One unwanted resident of the slough is the non-native blue tilapia, the males of which create dish-shaped nests in the silt to attract females. When competition for mates and space is high, the males battle, body-slamming one another and splashing in the shallow water. No one knows exactly how these African fish ended up in Spring Lake, as well as in the river, but the theory is that they were introduced for sport fishing. Weighing up to six pounds, they vie with native species for food and spawning grounds. Consequently, they, along with the invasive plecostomus (armored or suckermouth catfish) are the target of a year ‘round program that removes them through spear fishing. Between 2013 and 2022, over 6,500 pounds of tilapia were extracted from Spring Lake, with another thousand or more culled from the river. During that same time, 6,500 pounds of plecostomus were taken from the Upper San Marcos, including Spring Lake.
Stranger, perhaps, has been the removal of an even more unnatural “inhabitant” of the lake: thousands and thousands of golf balls, remnants of the area’s past life. After a devastating 2015 storm, decades’ worth of errant golf balls were washed out of the slough—the course’s sometime water hazard—and into the lake and river. For several years now, crews from the Meadows Center, along with volunteers, have been collecting these golf balls from the shallow water just above the dam. At last count, they’re retrieved more than 20,000.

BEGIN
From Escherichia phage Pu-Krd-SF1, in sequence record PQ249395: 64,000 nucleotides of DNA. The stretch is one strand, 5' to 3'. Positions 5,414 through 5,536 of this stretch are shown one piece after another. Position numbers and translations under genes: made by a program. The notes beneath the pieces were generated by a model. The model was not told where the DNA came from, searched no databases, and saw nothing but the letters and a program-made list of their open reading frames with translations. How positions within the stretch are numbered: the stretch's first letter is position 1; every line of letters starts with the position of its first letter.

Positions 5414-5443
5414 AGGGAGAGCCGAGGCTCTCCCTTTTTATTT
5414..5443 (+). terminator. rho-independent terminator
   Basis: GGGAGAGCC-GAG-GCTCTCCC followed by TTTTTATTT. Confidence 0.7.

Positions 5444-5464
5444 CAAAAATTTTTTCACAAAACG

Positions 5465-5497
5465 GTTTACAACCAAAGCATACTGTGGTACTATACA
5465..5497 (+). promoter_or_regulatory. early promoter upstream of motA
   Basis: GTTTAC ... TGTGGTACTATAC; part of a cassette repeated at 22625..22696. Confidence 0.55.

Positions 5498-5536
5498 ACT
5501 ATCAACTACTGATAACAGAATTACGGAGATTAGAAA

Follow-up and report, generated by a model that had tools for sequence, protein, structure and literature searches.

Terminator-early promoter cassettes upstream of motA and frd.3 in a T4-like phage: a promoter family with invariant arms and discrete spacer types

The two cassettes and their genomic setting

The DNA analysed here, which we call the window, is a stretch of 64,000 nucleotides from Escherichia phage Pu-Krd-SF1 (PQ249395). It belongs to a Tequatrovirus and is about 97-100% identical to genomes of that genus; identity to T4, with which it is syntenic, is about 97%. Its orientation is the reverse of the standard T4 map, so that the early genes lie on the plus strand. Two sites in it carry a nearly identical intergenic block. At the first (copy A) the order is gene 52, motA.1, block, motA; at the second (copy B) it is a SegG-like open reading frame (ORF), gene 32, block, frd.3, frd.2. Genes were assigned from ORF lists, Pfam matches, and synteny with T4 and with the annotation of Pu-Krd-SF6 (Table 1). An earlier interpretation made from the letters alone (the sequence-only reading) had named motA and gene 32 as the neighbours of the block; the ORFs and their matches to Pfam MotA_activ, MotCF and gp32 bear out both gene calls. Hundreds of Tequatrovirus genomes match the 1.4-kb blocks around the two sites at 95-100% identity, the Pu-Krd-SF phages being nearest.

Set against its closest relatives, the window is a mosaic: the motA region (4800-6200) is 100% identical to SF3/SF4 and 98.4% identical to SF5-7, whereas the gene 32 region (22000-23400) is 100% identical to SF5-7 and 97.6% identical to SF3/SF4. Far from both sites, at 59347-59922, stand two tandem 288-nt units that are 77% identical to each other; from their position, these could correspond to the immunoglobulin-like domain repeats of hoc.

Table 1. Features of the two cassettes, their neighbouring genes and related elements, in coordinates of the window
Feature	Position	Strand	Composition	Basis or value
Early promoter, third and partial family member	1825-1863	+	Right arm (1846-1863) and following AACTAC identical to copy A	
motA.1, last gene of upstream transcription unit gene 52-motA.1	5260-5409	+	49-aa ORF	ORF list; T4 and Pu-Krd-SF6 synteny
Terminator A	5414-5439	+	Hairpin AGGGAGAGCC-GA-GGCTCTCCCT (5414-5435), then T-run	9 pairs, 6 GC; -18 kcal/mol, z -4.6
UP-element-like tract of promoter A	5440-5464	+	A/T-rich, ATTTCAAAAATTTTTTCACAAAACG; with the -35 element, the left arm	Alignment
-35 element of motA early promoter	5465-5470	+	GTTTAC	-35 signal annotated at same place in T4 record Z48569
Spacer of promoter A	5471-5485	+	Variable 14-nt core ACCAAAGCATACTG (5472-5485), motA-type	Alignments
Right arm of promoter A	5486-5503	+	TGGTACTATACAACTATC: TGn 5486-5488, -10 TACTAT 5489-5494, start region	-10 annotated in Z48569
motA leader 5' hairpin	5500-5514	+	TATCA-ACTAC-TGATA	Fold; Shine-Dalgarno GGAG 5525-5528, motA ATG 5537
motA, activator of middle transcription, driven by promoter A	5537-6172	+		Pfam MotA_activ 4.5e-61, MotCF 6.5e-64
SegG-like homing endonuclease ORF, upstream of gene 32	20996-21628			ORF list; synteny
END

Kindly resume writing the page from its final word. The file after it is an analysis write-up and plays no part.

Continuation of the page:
I have been part of this effort on several occasions, and have also removed a good number of golf balls from the Upper San Marcos, including a heavy trove I collected immediately after the flood. Even today, balls continue to surface, along with old bottles, broken glass, and beer cans flattened by years of being buried in the sand. From time to time, I come upon rusty bolts, nails, and other detritus from the riverside mills. If I’m lucky, I’ll go home with a spear point or, more often, a partially worked stone or stone chips.